I apologize for my sloppy response. I wrote it out at 11:30 pm after being brain dead from working on my thesis all day. I agree with most of what you’re saying, but I disagree with some of that last bit. Agreements first.
I don’t see sex or gender as a binary in practice nor do I treat it as such, and I do understand the difference between sex and gender to begin with. I always leave identification to my clients and don’t assume what label they fall under (or if they even follow under one - I had one client at the university counseling center simply say they do not really prefer to identify with any kind of label). In romantic situations I use “partner” or “romantic interest” rather than assuming attraction. I have worked with individuals who identify as all sorts of different genders and sexual orientations. I’ve voiced in past posts how I just type too quick and don’t really stop to think about what I’m saying because, in my mind, I’m covering the angles of the question, but when I re-visit it later I see the holes in it. I see where you’re coming from, and that’s my fault.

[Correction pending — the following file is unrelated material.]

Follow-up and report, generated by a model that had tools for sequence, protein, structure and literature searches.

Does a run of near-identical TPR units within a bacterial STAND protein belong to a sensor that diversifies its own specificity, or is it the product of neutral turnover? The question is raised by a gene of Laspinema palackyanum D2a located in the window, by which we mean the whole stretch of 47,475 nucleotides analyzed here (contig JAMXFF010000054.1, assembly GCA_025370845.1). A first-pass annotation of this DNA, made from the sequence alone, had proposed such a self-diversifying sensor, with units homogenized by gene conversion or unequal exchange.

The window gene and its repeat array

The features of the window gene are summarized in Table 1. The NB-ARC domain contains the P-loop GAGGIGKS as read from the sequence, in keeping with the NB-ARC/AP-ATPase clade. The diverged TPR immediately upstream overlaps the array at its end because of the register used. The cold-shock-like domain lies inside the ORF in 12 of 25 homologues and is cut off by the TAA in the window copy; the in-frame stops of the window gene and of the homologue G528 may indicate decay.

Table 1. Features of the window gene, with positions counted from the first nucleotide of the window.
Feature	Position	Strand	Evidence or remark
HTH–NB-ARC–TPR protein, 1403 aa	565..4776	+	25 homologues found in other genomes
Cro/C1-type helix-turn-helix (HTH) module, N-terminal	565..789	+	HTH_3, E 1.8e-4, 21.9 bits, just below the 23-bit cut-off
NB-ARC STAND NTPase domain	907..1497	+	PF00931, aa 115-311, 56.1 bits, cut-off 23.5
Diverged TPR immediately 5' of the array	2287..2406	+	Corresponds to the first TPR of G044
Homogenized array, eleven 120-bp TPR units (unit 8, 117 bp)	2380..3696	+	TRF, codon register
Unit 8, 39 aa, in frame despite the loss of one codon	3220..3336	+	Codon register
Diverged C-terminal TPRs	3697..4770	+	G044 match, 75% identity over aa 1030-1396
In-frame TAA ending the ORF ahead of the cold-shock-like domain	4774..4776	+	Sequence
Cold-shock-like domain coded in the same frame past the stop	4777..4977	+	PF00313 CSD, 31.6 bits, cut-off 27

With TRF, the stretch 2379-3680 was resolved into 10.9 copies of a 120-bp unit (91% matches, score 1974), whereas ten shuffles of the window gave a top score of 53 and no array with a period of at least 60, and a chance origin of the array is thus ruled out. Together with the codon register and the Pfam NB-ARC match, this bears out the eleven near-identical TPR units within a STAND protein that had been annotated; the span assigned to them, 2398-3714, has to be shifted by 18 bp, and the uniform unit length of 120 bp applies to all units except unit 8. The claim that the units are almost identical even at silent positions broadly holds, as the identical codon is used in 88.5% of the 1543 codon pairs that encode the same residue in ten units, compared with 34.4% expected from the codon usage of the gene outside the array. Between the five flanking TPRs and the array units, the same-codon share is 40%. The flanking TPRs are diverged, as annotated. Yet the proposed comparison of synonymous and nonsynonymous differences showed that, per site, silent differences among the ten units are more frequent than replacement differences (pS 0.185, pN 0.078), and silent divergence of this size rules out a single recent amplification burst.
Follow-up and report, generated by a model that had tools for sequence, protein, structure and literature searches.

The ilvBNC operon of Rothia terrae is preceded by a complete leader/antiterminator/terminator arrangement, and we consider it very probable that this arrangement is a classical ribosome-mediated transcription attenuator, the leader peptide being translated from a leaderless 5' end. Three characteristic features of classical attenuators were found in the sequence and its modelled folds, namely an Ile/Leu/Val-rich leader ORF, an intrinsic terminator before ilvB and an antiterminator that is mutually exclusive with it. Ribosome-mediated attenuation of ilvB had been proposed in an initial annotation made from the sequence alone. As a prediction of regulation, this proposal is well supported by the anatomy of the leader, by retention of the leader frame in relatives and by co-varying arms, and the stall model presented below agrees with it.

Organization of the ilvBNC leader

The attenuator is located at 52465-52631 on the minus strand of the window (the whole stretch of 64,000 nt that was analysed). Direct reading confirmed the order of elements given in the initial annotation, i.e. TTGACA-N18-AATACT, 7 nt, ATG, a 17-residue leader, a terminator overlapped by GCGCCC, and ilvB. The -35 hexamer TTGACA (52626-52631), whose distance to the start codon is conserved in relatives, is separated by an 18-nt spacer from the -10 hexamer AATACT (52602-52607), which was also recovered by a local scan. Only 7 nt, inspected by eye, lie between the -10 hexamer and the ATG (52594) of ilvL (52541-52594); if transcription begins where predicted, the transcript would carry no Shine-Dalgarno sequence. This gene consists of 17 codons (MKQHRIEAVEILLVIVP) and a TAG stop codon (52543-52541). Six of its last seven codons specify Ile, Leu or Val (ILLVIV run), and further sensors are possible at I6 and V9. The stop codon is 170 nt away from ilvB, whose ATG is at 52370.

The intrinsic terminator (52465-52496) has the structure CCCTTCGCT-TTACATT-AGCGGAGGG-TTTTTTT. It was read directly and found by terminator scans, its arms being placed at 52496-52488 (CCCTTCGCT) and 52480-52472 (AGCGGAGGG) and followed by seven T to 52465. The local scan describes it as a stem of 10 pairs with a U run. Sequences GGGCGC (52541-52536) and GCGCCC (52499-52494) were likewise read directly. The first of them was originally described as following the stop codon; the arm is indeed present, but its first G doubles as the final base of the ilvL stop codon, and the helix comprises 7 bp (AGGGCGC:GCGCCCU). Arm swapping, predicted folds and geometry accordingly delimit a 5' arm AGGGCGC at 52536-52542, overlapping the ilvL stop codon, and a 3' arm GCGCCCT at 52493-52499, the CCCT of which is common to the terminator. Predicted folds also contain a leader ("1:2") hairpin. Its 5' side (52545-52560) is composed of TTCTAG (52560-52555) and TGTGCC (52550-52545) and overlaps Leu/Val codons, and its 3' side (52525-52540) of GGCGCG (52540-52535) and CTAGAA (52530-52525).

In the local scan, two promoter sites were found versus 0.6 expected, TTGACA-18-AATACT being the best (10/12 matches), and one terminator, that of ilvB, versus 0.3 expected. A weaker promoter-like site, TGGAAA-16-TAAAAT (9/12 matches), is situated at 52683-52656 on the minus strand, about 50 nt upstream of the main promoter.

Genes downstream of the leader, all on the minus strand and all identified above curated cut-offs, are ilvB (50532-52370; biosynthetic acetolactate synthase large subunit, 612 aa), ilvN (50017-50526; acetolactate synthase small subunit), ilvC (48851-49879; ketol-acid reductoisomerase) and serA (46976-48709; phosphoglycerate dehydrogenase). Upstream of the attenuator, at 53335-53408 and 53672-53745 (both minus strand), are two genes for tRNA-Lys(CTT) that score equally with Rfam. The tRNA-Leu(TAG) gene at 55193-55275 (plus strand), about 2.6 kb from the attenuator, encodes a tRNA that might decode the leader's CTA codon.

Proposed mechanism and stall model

That said, I disagree with the opening pieces in your last paragraph perhaps because it feels too generalized for me. Specifically, I don’t think gender differences play a major role in most therapeutic relationships, and remember I’m talking about all clients who seek mental health services. Not just those clients we specialize in, or those in our immediate geographic area, or those we are most interested in serving, but all clients across all settings.
In any given clinic, roughly 80% of the clientele are going to present with the same 20% of problems, and those problems tend to fall in the mood-anxiety-substance use spectrum. I have yet to see a study (despite many efforts) to suggest that gender/sex dynamics have any sort of significant role on outcome or the development of a therapeutic alliance for the vast majority of these clients. There’s just no data to suggest that early and often exploration of gender dynamics for most clients is necessary or an added benefit to therapeutic outcomes (open to studies if you have some, though!) If it comes up, address the hell out of it. If it poses a risk, get it out in the open. But if the question(s) are asked and nothing is there, move on to the relevant pieces unless there is some other reason to bring it up again. I’m willing to bet most clients across all therapeutic settings land in that last category.